Repetition is a constant within Emma Richler’s Feed My Dear Dogs. As the life of the Weiss family (first introduced in the book Sister Crazy) is narrated by their middle child, Jem, the replication of events and selective vocabulary at first seems mildly grating, but soon proves to be fittingly within the parameters of child-speak.
To its credit, the novel is an impressive work. The plot is bare, but the characterization is rich. The Weiss family is comprised of five children, a grizzly Jewish sportswriter father, and an angelic Catholic housewife mother. It is a mixed marriage in more than one sense-she is British, and he is Canadian. A smattering of Jewish and Christian imagery continually washes across Jem’s consciousness as she tries to tell a tale of her family and reconcile the status of her religious identity. Jem’s personal mythology includes references to the western Shane and King Arthur and his knights. They are part of the larger system that allows her to relate to the world around her.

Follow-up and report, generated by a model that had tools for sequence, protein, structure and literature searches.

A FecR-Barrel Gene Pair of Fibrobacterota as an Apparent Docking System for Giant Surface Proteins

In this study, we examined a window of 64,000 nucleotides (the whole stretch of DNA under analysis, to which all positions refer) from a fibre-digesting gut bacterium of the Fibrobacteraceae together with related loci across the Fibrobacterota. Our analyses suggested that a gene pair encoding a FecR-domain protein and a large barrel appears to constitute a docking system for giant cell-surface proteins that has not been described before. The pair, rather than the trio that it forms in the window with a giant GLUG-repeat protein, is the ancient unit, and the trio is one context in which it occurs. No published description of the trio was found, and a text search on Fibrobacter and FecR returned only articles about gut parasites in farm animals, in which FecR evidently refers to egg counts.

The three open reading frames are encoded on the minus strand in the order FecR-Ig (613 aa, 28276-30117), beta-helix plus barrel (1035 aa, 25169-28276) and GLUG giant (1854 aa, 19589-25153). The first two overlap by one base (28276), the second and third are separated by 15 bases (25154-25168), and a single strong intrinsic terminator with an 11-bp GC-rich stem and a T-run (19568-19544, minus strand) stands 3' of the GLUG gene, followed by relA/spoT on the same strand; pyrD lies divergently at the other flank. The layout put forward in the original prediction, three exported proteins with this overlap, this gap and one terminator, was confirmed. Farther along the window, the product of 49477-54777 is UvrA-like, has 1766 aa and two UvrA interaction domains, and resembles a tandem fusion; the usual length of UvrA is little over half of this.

While some have criticized the novel for being too long, the benefit of a 502-page book with a bare-bones plot can be found in the character growth. There lies an organic progression as the children get older. This proves striking when coupled with generous description. Everything seems very real and very sincere.
Richler is clearly comfortable with the pen, and exercises her unvarnished skill within the confines of her newly published tome. The over-the-top repetition does not eclipse the strength of the work, but invariably adds to it. The reader is treated to an unrestrained peek into the mind of the narrator.
Judging by the raw emotional power found in Feed My Dear Dogs, it is only a matter of time until Emma Richler ascends to the literary greatness worthy of her name-and ability.-AVI WEINRYB